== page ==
Ecommerce is on the verge of a paradigm shift. For the better part of the last decade brands have focused their efforts to create a site experience that is pretty good for everyone. Some brands have even tried to create specific experiences for certain groups of customers. Unfortunately, in most cases the generic experience and even the more tailored experience, has failed to hit the mark.
Many brands have made significant investments in time and effort to create a better experience for their visitors, and have been disappointed with flat to declining business results.
I think what brands are finally starting to realize is the fact that the “one size fits all,” or a “few sizes fit most,” is more like one size fits no one.
Now no one would say segmentation is a bad thing. The brands that have taken the time to deliver segmented experiences are on the right track. The problem with scaling segmentation is the fact that it is often one dimensional. It doesn’t take into consideration context or intent when it matters most during the experience. For example, a VIP customer comes to your site to shop for a friend. Your segmentation rules will look at this person and identify that this visitor is a VIP, they require the VIP experience. However, that method could completely fall flat because the intent of this visit has very little to do with VIP status. Given the intent of this visitor, who is shopping for a friend, your strategy should entail helping this individual find the right product in a category that he or she has very little familiarity with.
That simple scenario demonstrates why solving this through manually created rules is incredibly difficult, if not impossible. People are much more complex and every journey is unique. The marketer needs a more powerful tool set that can react to the in the moment behavior and at the same time, balance that information with historical context to deliver what’s right for your customer.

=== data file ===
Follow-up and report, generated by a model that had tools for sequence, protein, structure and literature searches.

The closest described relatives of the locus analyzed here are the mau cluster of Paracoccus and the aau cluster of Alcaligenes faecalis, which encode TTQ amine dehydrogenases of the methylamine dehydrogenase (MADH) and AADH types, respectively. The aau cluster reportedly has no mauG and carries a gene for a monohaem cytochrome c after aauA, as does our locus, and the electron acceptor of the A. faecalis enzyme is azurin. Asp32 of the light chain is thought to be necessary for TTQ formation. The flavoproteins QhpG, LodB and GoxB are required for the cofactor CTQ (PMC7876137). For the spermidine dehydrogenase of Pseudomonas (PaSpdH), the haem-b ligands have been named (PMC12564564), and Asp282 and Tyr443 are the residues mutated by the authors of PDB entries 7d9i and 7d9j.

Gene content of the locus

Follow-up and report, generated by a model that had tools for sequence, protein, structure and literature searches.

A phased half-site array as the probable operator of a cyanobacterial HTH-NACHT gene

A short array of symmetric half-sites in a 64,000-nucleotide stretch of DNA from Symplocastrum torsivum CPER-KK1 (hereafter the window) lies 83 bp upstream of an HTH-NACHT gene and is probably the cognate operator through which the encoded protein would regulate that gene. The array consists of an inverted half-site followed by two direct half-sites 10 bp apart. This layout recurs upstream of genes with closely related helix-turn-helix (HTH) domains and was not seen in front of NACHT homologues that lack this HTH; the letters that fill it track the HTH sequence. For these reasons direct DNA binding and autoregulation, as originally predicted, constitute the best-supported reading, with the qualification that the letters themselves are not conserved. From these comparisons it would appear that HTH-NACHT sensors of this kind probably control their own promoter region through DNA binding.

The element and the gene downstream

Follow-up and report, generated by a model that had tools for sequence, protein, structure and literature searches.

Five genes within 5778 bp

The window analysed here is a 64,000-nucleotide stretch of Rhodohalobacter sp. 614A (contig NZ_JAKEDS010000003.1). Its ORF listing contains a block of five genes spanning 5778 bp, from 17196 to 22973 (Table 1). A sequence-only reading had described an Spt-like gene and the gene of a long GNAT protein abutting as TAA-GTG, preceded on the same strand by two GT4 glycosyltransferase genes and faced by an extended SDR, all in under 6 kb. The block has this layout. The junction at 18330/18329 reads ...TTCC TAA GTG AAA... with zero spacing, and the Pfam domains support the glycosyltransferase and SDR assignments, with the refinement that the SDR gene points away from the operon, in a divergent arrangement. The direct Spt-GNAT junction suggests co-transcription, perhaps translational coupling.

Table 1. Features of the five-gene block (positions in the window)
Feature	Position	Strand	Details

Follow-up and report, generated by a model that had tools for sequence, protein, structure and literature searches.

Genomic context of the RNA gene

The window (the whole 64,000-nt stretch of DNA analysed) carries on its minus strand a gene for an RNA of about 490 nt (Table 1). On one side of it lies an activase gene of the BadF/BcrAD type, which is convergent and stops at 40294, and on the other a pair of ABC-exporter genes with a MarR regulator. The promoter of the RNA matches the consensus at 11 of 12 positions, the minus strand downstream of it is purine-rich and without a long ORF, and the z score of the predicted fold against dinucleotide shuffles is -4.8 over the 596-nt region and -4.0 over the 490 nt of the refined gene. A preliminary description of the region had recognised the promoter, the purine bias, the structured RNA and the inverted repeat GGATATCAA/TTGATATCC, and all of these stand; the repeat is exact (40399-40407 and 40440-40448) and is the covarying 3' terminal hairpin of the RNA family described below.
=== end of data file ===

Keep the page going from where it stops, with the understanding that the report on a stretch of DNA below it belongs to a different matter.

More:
This does not mean segmentation and persona development has no value. It is actually the foundation that the next generation of ecommerce experiences is built on. Your segments and personas provide the inspiration for the experiences you need to create. Historically, we have created experiences that try to do a decent job of considering diverse customer needs. Instead of focusing on the areas of overlap, the next generation of experiences will focus on the opposite end of the spectrum, where the needs are furthest apart.
Embrace your customer diversity.
The next wave of ecommerce innovation will focus on enabling truly personal experiences. A great way to think of it is to consider your most diverse customer groups. Put those groups at either end of a spectrum, then think about all of the people in between. Personalization is about everyone in between.
This shift in focus will have a tremendous impact on how brands create and manage ecommerce experiences. It’s not uncommon for teams to spend hours each week arguing over the perfect homepage hero image. Instead of arguing over a single image, the exercise will transform into asking each other “how does this group of images represent all of the affinities of our customers?” The creative process will be profoundly changed. Brands that start making this fundamental shift will leapfrog the competition and see both, short-term business impact, as well as growth in long term customer value.
Are you ready for this ecommerce shift?